Probably anyone reading this knows by now that my Cultures of Basketball course ends with a student organized intra-class 3 on 3 tournament. What started as an off-hand comment by a UM basketball player in 2011 has become, over the several years I’ve now taught the course, into an integral, culminating experience of the course in which students take responsibility for their own desires, incorporate an embodied, hands-on component to the academic study of basketball culture, and bond strongly with one another, softening a variety of barriers that can make it hard for them to recognize and respect each other as peers—not least the one separating varsity athletes from students who are not varsity athletes.
Over the years, the organizational process has evolved in the wake of the preceding year’s experiences. This year, students formed themselves into a number of committees charged with locking down the various aspects of the event (Jersey Committee, Logo Committee, Naming Committee, Program Committee, Venue Committee, Bracket Committee, Draft Day Committee and Documentation Committee). Drawing upon their own specialized talents and the feedback I’d given them about what had worked well and not so well in previous tournaments, each committee executed its responsibilities superbly, often informed in doing so by some of the cultural artifacts and issues we’d been talking about in the course. I want to share with you just one bit of special awesomeness that emerged from this process.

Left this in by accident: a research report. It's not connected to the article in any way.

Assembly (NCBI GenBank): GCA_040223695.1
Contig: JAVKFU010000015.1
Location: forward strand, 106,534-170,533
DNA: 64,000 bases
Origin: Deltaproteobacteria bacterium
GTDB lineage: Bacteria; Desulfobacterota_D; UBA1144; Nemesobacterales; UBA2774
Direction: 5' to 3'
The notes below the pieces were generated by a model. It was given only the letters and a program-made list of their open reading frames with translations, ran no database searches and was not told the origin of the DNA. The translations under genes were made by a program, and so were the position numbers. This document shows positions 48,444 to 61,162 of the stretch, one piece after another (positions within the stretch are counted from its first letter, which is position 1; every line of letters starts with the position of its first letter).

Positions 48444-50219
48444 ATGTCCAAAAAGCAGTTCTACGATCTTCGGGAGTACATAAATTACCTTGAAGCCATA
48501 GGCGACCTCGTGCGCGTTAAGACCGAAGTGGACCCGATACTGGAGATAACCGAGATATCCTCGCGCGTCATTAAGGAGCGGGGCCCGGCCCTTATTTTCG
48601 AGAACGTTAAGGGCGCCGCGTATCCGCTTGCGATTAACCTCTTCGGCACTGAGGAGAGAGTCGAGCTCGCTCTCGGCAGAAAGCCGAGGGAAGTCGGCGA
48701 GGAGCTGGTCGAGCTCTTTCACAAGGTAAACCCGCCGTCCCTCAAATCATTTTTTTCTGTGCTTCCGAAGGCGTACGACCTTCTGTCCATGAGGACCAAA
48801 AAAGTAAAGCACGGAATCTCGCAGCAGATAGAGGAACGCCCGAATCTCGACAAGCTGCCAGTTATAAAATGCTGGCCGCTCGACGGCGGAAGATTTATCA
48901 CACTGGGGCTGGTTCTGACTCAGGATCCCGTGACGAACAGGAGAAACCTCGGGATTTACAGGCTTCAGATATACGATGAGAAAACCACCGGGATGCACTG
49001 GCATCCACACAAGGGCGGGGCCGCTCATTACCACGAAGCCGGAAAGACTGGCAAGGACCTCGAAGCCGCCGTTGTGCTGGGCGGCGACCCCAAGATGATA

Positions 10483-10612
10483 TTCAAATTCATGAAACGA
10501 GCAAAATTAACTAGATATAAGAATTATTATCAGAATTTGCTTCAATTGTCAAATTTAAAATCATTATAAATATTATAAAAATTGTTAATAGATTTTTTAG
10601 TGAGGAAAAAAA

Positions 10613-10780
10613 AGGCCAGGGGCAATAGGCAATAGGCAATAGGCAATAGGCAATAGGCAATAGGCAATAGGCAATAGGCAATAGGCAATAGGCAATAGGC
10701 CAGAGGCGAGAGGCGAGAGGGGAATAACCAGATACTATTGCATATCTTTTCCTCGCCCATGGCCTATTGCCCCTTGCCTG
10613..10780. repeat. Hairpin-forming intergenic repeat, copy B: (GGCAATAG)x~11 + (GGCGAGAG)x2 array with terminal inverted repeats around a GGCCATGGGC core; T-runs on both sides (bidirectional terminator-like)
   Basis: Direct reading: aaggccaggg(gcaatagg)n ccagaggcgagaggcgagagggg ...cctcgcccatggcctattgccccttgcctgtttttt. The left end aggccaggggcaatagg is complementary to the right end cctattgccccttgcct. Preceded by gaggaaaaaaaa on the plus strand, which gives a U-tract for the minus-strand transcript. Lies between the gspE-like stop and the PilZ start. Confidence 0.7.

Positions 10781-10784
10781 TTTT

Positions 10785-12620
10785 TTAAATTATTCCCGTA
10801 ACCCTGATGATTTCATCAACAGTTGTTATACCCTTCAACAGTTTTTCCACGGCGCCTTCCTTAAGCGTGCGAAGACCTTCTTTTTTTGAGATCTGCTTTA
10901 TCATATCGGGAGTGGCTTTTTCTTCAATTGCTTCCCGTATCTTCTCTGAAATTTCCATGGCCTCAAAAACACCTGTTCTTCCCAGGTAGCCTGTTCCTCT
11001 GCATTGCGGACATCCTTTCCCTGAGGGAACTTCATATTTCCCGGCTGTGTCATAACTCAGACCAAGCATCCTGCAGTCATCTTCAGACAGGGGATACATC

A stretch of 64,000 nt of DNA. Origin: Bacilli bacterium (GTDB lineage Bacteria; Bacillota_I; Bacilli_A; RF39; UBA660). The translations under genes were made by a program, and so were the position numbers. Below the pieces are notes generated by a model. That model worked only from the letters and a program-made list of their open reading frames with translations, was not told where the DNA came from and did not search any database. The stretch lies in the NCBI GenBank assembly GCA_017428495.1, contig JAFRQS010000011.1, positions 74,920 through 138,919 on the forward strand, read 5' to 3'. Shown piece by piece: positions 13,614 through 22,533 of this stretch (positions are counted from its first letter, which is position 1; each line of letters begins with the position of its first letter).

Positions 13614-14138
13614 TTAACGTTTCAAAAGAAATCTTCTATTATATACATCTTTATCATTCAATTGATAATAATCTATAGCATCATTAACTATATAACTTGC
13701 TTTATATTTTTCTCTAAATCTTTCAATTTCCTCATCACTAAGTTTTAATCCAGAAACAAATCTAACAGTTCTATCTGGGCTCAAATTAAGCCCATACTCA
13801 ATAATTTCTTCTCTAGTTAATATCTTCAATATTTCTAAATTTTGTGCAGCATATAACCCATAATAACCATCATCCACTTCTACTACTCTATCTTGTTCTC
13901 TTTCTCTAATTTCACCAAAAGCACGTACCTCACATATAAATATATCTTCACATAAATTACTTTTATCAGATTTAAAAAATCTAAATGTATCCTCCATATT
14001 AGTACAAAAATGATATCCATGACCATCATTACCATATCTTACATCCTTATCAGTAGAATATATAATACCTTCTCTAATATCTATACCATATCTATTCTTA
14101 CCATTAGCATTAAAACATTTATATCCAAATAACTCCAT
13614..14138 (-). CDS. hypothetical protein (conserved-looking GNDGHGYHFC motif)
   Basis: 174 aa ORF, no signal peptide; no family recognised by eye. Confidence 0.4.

In 2011, the first year of the tournament, there were no committees and documentation was limited to some photos that my wife and one of the students who couldn’t play took with cell phones. In 2012 we had a lot of wonderful still photos and the first-ever video documentation of the event: a couple of shaky clips taken by a student’s friend on the sideline. Last year, a member of the first-ever Documentation Committee recorded a few, higher quality clips, to go along with superb photos. This year, in addition to all these elements, one Documentation Committee member brought a GoPro to the tournament and she and some other students filmed the whole tournament. I’m not sure who had the idea in the first place, but the student decided to edit the raw footage into our very own One Shining Moment montage and, even though the class over, and the grades in, she followed through and shared the results with us last night.
I’m so grateful to and proud of these students for coming together in the way that they did over the course of the semester. I hope you enjoy the video as much as I think they enjoyed not only the course and the tournament, but the experiences of autonomy, responsibility, and friendship they thereby created for themselves.